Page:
Starting today, that gambit changes irrevocably. The Heat took the plunge with Whiteside on the first official day of free agency, sealing an agreement in principle that would pay Whiteside a reported $98 million over four years. This is a functional max contract given Whiteside’s years of NBA experience and lack of Bird rights, a mechanism that would have otherwise allowed him larger year-to-year raises. Miami gave Whiteside, who had soured on the interest of eight teams around the world before landing in Miami, the kind of security that affords a player his occupational freedom. Whiteside got paid. The Heat, in the process, have wagered almost $100 million on the hope that the entitlements of a massive new contract won’t get in the way of their working relationship.
It’s an uneasy arrangement born of Miami’s ongoing transition. Whether Dwyane Wade actually follows through on his implied interest to sign with another team in free agency this summer or not, Miami is looking to find the ground to support its next contender. Whiteside isn’t stable enough for him to actually play that role, though what he contributes as a shot-blocker and rebounder might be attractive enough to help entice a foundational star or help trade for one. Don’t mistake Miami’s investment as a complete vote of confidence. This franchise understands better than any the ways in which trusting in Whiteside can be trying. They also know better than to let a shot-blocker of his exceptional ability slip away for fear of his contract when the market around the league runs wild.
The very presence of a player like Whiteside forces opponents to make more difficult moves. What might be a layup becomes a floater. What could be a straight-line drive requires hesitations and changes in direction. Little comes simply for an opposing offense so long as he’s around to stall some intended first option and buy his teammates time to recover. Some of that value is spatially confined. Whiteside has neither the interest nor aptitude to step out to the perimeter in containment, stopping instead around the elbow with his arms down as he waits for a ball handler to come to him.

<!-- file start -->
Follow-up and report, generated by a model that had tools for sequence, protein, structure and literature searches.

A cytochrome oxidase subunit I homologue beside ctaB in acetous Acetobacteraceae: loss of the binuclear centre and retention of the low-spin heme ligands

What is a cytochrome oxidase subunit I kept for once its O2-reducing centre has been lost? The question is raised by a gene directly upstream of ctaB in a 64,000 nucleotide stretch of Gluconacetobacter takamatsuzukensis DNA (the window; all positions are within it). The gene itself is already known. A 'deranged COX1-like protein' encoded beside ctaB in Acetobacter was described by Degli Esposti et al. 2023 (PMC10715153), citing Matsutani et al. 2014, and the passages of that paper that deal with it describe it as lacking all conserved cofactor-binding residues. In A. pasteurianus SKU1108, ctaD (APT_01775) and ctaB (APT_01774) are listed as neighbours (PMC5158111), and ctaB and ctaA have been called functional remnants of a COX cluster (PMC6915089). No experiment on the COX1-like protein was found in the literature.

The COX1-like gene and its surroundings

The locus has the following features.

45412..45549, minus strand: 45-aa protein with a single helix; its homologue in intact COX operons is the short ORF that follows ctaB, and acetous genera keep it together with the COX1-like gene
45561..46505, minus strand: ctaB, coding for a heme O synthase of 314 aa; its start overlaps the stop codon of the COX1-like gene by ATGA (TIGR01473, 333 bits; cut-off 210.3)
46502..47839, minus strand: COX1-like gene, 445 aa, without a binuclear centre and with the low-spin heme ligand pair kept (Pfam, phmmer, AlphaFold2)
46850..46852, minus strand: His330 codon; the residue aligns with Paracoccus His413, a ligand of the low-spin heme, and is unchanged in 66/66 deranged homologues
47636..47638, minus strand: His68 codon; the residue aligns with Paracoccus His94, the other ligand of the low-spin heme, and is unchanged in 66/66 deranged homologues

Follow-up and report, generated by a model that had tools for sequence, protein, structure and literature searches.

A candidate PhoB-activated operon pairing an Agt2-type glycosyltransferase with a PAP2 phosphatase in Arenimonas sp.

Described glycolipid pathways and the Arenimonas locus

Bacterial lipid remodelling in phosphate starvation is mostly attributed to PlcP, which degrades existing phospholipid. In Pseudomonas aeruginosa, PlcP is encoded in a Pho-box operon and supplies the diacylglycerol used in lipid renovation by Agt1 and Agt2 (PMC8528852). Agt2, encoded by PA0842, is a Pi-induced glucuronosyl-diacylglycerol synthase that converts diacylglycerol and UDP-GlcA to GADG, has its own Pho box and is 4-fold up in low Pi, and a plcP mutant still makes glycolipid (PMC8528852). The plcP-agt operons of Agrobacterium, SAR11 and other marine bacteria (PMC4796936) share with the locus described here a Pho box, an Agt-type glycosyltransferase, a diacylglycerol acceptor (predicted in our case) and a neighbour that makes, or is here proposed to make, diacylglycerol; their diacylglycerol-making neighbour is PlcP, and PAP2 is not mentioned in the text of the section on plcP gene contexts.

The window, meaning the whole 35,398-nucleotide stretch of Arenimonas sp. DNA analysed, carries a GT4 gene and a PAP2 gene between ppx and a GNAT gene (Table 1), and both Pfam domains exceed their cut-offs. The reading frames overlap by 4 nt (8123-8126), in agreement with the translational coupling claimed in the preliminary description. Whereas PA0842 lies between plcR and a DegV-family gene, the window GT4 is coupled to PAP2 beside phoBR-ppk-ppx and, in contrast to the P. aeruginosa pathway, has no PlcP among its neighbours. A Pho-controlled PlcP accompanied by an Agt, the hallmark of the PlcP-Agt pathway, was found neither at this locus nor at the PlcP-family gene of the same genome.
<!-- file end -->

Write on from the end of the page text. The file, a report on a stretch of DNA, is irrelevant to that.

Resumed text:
That invisible wall between Whiteside and the perimeter is strategically restrictive. Offenses geared toward pull-up jumpers or pick-and-pop play find open looks when Whiteside plays on his heels and create even better ones when he decides to leap wildly to contest their shot from a distance. Whiteside is just tall and long enough for that flail to work on occasion, and just stubborn enough to see those results as reason to keep trying. Any full view of Whiteside’s defense is complicated for this reason: so much of what he he offers as a rim protector, rebounder, and space eater is offset by a characteristic lack of diligence.
Heat coach Erik Spoelstra never seemed to fully trust Whiteside for that reason among others, even as he racked up huge box score totals and swatted shots into the third row. The way Whiteside plays is unquestionably impressive. It’s also flighty enough when it comes to fundamentals to irk his teammates and coaches. Most will grin and bear it due to the fact that Whiteside’s complete collection of skills—as an interior defender who can finish, rebound, and even post up on occasion—is so rare. A front office, too, will shell out a max deal (or a near-max, in the event that Miami can sell Kevin Durant) for such a player despite all their qualms about his approach and infamy within the basketball equivalent of human resources. Miami is extremely picky when it comes to the people it brings into its organization. Whiteside exists far outside the franchise’s typical parameters, but the context of his free agency and the particulars of his game create room for a sort of exception.
Miami never had the financial resources to do much improving upon last year’s roster. The short-term deals of Whiteside and Luol Deng, the purgatory of Chris Bosh’s health scare, and Dwyane Wade’s giant cap hold limited the Heat’s ability to go beyond the salary cap to retain its talent while adding more. Deng is surely gone. Wade would likely have to take a significant pay cut to make room for a Durant-level max and would be unlikely, for fair reason, to sacrifice otherwise. A Whiteside max isn’t without its many complications. Yet it serves as a reasonable bridge between the team the Heat were last season and the eventual contender they hope to be.